Sunday, May 9, 2010

The Dark Corner

I very briefly mentioned a movie The Dark Corner about a year ago when it showed up on TCM, but not having seen it at the time, I figured it would be better to write about a related movie, Lured, instead, as both of them are noirs in which Lucille Ball has a starring role. The Dark Corner is back on the Fox Movie Channel schedule, tomorrow morning at 6:00 AM ET, and now that I've seen it, I can highly recommend it.

Ball plays Kathleen, the secretary to private eye Brad (Mark Stevens). Brad recently spent a two-year stretch in jail, having been framed by his former partner Tony (Kurt Kreuger). It seems as though Tony has learned Brad is now in New York, as Brad's got somebody (William Bendix) following him. As part of trying to find Tony, Brad finds wealthy art dealer Hardy Cathcart (Clifton Webb), who also knows Tony; after all, Tony seems to have a thing for Mrs. Cathcart. Everything comes together in an even more convoluted way when Brad returns to his apartment one night to find Tony dead on the floor, obviously having been murdered. It's clear to Brad that, dammit, he's been framed again!

Thankfully, Brad has Kathleen to help him on the case. By this time, she's fallen in love with him, and is certain of his innocence. Bill Bendix is the only lead in the case, which leads Brad and Kathleen on a frantic search to find him, before the real killer or the police does. Unfortunately, Brad's too late, as he finds Bendix thrown out of a high-rise window. Certainly, Hardy must have something to do with all this, but what? I can't really tell you that, because that would give the story away.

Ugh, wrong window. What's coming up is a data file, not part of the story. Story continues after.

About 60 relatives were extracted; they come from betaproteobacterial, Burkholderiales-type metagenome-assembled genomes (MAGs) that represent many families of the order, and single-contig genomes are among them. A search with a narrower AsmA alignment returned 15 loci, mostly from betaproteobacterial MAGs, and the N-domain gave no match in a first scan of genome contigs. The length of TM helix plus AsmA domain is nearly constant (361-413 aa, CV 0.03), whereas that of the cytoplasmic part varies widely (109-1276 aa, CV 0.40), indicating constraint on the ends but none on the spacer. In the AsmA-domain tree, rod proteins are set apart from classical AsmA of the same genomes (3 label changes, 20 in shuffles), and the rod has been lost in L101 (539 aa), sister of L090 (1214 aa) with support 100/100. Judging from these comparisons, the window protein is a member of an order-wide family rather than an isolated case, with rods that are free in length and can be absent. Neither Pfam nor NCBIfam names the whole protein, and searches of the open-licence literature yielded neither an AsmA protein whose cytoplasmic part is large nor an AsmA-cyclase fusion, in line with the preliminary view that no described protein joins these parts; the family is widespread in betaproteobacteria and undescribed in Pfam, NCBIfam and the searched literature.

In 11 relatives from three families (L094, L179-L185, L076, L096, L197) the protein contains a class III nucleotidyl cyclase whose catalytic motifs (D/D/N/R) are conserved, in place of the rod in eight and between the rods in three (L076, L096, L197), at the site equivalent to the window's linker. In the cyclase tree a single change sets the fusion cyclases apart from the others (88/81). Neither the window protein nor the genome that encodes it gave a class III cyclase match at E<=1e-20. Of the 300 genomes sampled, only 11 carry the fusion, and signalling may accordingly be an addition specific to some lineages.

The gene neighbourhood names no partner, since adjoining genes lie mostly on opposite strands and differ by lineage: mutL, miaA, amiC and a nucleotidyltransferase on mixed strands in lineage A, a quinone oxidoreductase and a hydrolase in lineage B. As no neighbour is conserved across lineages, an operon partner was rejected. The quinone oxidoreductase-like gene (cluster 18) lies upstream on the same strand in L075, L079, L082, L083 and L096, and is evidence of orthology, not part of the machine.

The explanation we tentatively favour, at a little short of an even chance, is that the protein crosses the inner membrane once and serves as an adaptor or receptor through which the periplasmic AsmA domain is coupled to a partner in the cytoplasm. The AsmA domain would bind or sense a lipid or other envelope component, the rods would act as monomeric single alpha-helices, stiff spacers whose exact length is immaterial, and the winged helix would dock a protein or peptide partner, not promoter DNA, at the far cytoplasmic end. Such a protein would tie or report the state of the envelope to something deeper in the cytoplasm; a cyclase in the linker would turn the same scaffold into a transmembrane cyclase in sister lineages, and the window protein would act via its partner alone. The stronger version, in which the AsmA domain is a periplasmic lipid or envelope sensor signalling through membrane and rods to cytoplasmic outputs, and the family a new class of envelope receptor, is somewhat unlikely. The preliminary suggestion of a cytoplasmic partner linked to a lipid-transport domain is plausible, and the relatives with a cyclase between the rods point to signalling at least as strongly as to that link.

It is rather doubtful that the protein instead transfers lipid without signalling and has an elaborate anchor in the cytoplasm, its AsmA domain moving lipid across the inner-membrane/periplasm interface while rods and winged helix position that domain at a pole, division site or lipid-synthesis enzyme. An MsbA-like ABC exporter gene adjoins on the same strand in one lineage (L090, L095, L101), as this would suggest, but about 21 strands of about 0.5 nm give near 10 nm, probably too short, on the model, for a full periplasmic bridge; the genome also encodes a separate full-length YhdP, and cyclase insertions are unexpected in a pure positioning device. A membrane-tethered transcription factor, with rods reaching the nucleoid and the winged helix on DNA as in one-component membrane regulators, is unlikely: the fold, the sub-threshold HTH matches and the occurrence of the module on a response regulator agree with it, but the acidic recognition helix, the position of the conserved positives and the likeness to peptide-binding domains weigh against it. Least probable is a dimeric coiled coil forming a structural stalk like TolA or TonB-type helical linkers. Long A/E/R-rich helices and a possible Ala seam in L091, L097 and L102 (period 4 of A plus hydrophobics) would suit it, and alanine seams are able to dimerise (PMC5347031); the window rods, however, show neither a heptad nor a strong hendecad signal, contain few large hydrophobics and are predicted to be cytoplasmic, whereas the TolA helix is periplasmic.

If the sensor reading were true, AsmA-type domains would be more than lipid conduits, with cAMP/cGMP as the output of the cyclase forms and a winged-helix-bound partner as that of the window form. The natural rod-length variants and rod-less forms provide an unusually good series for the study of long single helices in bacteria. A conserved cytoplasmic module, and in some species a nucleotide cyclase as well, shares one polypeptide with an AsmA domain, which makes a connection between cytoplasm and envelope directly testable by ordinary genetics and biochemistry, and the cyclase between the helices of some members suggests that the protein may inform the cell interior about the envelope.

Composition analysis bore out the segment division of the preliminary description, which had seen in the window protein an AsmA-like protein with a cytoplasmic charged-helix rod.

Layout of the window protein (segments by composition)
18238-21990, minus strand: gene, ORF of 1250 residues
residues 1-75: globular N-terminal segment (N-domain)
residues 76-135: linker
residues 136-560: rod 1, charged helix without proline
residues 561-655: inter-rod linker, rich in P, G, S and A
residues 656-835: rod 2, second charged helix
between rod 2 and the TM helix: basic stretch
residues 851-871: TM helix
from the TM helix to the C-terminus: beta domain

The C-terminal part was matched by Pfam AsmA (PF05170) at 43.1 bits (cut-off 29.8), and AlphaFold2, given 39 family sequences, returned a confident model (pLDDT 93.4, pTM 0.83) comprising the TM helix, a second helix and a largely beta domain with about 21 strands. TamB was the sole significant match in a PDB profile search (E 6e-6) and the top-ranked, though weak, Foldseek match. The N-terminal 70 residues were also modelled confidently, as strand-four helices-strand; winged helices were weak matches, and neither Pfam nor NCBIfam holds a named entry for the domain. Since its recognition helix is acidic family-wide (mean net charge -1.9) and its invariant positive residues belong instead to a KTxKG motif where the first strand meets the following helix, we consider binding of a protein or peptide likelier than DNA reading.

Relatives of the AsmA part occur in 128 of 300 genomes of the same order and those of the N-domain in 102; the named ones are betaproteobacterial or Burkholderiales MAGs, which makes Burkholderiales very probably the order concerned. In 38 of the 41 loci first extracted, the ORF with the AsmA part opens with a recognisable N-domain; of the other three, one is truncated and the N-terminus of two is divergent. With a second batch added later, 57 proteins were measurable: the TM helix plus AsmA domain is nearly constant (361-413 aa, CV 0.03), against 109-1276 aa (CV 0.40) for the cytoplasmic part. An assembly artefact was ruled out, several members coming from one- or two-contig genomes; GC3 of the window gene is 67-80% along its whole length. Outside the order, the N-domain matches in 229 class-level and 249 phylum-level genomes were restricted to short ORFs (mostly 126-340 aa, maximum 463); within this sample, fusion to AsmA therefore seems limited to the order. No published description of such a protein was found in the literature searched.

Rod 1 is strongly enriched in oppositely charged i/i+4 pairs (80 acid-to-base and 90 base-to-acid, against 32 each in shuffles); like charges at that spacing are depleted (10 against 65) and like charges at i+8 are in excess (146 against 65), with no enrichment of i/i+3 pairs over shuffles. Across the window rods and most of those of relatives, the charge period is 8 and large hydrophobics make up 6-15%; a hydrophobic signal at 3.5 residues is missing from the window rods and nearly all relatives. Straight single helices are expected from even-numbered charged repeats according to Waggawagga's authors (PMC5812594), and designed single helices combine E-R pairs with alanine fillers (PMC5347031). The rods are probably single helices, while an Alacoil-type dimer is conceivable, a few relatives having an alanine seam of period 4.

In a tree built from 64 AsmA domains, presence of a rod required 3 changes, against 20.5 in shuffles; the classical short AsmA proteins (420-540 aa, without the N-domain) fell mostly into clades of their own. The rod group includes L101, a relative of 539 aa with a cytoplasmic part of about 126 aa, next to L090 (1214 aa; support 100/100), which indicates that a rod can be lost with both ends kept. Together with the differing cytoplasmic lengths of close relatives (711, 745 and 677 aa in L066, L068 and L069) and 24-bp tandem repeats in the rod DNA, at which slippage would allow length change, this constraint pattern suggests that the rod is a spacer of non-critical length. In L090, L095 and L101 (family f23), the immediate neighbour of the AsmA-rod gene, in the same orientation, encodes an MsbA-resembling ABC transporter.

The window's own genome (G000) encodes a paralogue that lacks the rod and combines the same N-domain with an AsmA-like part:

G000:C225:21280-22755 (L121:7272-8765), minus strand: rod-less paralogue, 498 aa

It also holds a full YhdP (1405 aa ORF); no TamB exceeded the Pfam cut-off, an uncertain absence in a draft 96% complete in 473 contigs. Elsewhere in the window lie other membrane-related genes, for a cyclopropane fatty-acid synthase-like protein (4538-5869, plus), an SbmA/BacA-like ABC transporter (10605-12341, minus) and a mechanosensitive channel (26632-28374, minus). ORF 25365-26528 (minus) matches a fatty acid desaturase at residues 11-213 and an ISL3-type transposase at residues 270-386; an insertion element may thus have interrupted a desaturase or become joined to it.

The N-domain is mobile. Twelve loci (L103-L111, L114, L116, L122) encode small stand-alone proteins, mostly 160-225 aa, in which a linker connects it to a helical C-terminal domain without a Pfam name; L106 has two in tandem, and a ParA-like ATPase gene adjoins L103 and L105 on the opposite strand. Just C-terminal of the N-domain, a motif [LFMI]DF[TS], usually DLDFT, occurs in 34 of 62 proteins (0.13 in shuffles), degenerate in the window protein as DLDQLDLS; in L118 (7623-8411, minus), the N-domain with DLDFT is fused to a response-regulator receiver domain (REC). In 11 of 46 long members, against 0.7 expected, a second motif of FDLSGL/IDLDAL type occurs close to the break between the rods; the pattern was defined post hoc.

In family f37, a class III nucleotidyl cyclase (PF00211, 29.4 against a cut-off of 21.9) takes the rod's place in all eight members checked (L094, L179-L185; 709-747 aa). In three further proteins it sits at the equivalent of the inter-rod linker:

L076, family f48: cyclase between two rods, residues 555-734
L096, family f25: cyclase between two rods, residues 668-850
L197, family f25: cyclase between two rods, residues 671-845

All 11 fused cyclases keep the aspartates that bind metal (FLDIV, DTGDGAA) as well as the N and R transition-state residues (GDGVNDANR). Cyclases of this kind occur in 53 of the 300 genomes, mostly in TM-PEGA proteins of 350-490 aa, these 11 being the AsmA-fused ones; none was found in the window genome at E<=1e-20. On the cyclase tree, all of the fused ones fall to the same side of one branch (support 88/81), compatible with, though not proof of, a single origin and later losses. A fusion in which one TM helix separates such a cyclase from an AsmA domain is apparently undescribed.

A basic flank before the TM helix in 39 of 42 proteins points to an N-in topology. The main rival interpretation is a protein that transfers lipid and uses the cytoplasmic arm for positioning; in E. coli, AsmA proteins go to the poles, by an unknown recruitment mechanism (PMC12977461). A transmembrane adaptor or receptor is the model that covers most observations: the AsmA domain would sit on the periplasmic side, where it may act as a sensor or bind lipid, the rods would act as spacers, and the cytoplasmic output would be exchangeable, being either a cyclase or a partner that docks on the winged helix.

The Dark Corner is a nicely-photographed and well-acted noir, presenting Manhattan as at least some people saw it back in the 1940s: the el trains, the less glamorous side of life, and a lot of dark alleys. Lucille Ball shows once again that she was more than just a scatterbrained comedienne. As in Lured, she's quite good as the woman who provides the glue to the whole story. The two younger men, Stevens and Kreuger, don't particularly distinguish themselves in their performances. Webb, however, plays much the same sort of character he did in Laura a few years earlier: urbane and supremely arrogant, with a dark side to boot. Also appearing, as a police detecive watching over Brad, is Reed Hadley, who provided his voiceover to several of Fox's docudramas from the same era, including The House on 92nd Street, which is also showing up on FMC on Monday morning (at 9:30 AM).

The Dark Corner is entertaining and well worth watching. Fortunately, Fox released quite a lot of its noirs on DVD, including this one.

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